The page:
When the term(s), region(s), period(s), and category are defined, the outputs are a graph of the variations of all examined terms in the online interest over the selected time frame (Figure 1) and their respective heat maps, which are presented separately for all examined regions (Figure 2); all datasets can be downloaded in .csv format.

    Apart from the graph, the .csv with the relative search volumes, and the interest heat maps, Google Trends also shows and allows one to download .csv files of (1) the “Top related queries”, defined as “Top searches are terms that are most frequently searched with the term you entered in the same search session, within the chosen category, country, or region” (Figure 3a); (2) the “Rising related queries”, defined as "terms that were searched for with the keyword you entered...which had the most significant growth in volume in the requested time period” (Figure 3b); (3) the “Top Related Topics” (Figure 3c); and (4) the “Rising Related Topics” (Figure 3d).

    Table 2. Google Trends Features and Descriptions.
    View this table
    Figure 1. Graphs of the variations in the online interest for the examined terms over the selected time frame in Google Trends.
    View this figure
    Figure 2. Heat map for (a) “Asthma” in the United States from Jan 2004 to Dec 2014; (b) “Tuberculosis” in the United States and United Kingdom from March 24, 2007, to April 7, 2011; (c) “Chlamydia,” “Tuberculosis,” and “Syphilis” in Australia from Oct 5, 2012, to Dec 18, 2012; (d) “Asthma” in the United States, “AIDS” in the United Kingdom, and “Measles” in Canada from June 1, 2017, to July 15, 2018.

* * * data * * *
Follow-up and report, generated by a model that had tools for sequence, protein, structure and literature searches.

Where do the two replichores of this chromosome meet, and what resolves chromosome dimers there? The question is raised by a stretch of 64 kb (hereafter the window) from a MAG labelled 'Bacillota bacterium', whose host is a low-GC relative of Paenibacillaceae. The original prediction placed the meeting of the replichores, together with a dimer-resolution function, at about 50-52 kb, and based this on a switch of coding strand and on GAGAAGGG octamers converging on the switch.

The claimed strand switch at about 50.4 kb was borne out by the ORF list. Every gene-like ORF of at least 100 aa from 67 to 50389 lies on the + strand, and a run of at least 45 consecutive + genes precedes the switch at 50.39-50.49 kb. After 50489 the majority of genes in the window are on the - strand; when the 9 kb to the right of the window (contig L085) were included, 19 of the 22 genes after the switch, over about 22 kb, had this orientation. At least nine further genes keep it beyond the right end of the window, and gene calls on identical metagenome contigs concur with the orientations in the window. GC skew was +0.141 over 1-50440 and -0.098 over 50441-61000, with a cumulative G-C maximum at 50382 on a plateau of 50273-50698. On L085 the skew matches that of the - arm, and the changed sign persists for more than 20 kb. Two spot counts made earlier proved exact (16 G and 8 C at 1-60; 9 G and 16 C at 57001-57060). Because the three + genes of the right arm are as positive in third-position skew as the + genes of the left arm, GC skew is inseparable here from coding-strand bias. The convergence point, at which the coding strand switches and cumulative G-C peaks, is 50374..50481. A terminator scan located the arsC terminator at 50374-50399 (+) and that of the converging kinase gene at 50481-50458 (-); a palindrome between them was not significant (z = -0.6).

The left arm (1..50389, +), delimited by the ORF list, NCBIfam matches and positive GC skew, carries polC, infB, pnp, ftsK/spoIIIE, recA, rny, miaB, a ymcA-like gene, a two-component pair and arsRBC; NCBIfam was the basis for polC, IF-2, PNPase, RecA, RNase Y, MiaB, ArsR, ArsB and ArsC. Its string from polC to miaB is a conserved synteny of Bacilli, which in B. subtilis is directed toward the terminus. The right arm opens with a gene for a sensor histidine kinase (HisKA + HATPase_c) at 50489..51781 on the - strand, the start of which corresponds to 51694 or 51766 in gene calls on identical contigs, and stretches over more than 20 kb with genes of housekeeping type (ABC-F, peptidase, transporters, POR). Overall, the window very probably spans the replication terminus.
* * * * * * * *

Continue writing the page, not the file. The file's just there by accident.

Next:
View this figure
    Figure 3. Google Trends’ (a) top related queries, (b) rising related topics, (c) top related topics, and (d) rising related queries for “Asthma” in the United States from Jan 1, 2004, to Dec 31, 2014.
    View this figure

    Keyword Selection

    The selection of the correct keyword(s) when examining online queries is key for valid results [51]. Thus, many factors should be taken into consideration when using Google Trends data in order to ensure a valid analysis.

    Google Trends is not case sensitive, but it takes into account accents, plural or singular forms, and spelling mistakes. Therefore, whatever the choice of keywords or combination of keywords, parts of the respective queries will not be considered for further analysis.

    To partly overcome this limitation, the “+” feature can be used to include the most commonly encountered misspellings, which are selected and entered manually; however, we should keep in mind that some results will always be missing, as all possible spelling variations cannot be included. In addition, incorrect spellings of some words could be used even more often than the correct one, in which case, the analysis will not be trivial. However, in most of the cases, the correct spelling is the most commonly used, and therefore, the analysis can proceed as usual. For example, gonorrhea is often misspelled, mainly as “Gonorrea,” which is also the Spanish term for the disease. As depicted in Figure 4a, both terms have significantly high volumes. Therefore, to include more results, both terms could be entered as the search term by using the “+” feature (Figure 4b). In this way, all results including the correct and the incorrect spellings are aggregated in the results. Note that this is not limited to only two terms; the “+” feature can be used for multiple keywords or for results in multiple languages in a region.

    In the case of accents, before choosing the keywords to be examined, the variations in interest between the terms with and those without accents and special characters should be explored. For example, measles translates into “Sarampión,” “ošpice,” “mässling,” and “Ιλαρά” in Spanish, Slovenian, Swedish, and Greek, respectively. As depicted in Figure 5, in Spanish and Greek, the term without the accent is searched for in higher volumes; in Slovenian, the term with the accent is mostly used; and in Swedish, the term without the accent is almost nonexistent. Thus, in Greek searches, the term without accent should be selected, in Slovenian and Swedish searches, terms with accents should be used, while for Spanish, as both terms yield significant results, either both terms using the “+” feature or the term without the accent should be selected.